Idaho Legislature issues affect local governments, including Moscow
Mayors from various cities in Idaho gathered in Moscow Friday to hear an Association of Idaho Cities (AIC) report about various issues discussed during the 2015 state legislative session.
The bills and laws discussed ranged from how cities annexed land for expansion, regulations on Internet sales and the number of liquor licenses the state can issue per city.
One issue that caused significant deliberation was the City of Boise’s ability to regulate Uber, an app-based transportation network service.
When Uber came to Boise, the city wanted Uber drivers to be fingerprinted and have their cars inspected, the same way the taxis are, said Seth Grigg, executive director of AIC. Uber hired a lobbyist to prevent the city from having the authority to regulate fingerprints and other licensing.
According to Grigg, the lobbyist succeeded and the legislature passed a law denying municipalities from taxing or requiring a license for operation to any individual that is an Uber driver.
“This is not just an Idaho issue,” Grigg said. “There are about 16 other states where this law has been passed as well.”
There is a good possibility that Uber could come to Moscow, Griggs said. Under the law, Moscow would not have the authority to mandate its own background checks on the drivers or ensure the vehicles are safe the same way taxis are screened and licensed.
Another issue talked about at the Friday meeting was the number of liquor licenses an Idaho city is legally allowed to issue. Currently, every city is guaranteed two liquor licenses and the number increases based on city populations of more than 1,500.
A new law introduced during the legislative session would allow for an additional liquor license to be issued to an establishment with at least 4,000 square feet of meeting space in designated resort cities.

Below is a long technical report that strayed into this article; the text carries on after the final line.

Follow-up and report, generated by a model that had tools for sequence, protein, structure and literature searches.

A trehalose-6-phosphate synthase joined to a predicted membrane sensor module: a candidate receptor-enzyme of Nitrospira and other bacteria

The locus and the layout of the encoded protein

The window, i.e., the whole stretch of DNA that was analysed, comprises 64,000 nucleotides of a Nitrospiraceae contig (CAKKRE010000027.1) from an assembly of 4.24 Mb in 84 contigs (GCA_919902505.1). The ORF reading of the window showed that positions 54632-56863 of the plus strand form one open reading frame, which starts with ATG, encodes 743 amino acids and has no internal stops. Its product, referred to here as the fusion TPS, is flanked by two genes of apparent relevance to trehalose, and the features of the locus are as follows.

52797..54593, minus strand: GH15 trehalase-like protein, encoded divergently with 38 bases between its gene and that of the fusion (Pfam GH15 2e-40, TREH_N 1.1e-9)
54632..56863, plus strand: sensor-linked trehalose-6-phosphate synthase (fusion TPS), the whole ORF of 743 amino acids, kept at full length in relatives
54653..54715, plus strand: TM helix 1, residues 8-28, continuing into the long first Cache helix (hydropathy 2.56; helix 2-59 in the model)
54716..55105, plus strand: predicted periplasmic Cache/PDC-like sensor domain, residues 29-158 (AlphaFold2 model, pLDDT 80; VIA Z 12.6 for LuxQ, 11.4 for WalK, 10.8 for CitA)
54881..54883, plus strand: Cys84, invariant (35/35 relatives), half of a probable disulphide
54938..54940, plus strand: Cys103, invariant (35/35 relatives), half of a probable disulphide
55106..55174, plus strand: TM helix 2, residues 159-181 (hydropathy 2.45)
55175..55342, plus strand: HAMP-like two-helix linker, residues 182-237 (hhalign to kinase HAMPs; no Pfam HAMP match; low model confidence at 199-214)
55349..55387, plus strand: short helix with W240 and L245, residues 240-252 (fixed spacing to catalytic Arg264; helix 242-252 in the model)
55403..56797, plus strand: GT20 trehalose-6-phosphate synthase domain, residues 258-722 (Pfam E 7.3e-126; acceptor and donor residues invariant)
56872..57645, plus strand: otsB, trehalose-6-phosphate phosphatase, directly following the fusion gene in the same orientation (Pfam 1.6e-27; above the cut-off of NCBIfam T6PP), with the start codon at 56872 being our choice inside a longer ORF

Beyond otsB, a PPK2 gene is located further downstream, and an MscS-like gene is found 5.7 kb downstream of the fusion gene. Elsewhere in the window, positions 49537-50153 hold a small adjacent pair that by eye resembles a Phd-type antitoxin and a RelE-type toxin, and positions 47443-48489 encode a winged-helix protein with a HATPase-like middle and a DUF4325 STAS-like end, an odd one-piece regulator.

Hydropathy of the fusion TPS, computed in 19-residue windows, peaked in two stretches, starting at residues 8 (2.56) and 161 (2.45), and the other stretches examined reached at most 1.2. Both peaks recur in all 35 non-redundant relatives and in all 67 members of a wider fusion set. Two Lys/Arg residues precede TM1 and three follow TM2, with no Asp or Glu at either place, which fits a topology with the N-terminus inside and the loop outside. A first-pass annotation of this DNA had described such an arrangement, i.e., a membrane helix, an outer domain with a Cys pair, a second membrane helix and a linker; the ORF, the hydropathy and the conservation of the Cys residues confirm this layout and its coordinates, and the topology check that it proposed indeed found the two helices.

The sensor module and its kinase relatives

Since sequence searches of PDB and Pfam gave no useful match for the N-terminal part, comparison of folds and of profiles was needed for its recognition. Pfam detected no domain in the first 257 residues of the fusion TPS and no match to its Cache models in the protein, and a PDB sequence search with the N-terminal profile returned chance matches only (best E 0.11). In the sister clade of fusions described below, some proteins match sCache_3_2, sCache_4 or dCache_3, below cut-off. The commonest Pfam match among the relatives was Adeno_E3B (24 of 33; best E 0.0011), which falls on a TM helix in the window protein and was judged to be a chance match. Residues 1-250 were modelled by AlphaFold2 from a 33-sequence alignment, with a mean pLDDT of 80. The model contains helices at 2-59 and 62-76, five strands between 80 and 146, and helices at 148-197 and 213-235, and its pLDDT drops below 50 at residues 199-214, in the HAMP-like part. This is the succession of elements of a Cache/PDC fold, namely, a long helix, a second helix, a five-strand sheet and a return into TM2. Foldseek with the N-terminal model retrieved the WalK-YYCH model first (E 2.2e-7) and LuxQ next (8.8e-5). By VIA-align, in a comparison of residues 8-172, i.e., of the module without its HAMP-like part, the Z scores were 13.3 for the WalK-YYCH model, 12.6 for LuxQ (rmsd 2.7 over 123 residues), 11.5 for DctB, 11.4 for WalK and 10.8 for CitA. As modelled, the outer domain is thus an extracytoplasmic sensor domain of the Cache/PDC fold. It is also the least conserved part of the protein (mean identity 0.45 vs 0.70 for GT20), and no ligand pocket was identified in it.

Although Moscow is not a resort city, Mayor Bill Lambert said he feels the state liquor laws should be updated in the future, since the bill was not passed before the session ended earlier this month.
“I think the liquor laws in the state are outdated,” Lambert said. “Perhaps it will be something that will be brought up again.”
Another issue brought up during the meeting was the way municipalities are allowed to generate revenue for local projects. One of the most common ways to do this is through a local option tax, which is when a city or county imposes a sales tax for a short time to pay for a particular project. The tax then disipates when the project is completed.
There were several bills that circulated in the legislature that would change how municipalities can tax for such projects.
“I think the local municipalities can make better decisions on local things,” Lambert said. “It seems like our legislature wants to control all of it, even at the local level.”
Graham Perednia can be reached at firstname.lastname@example.org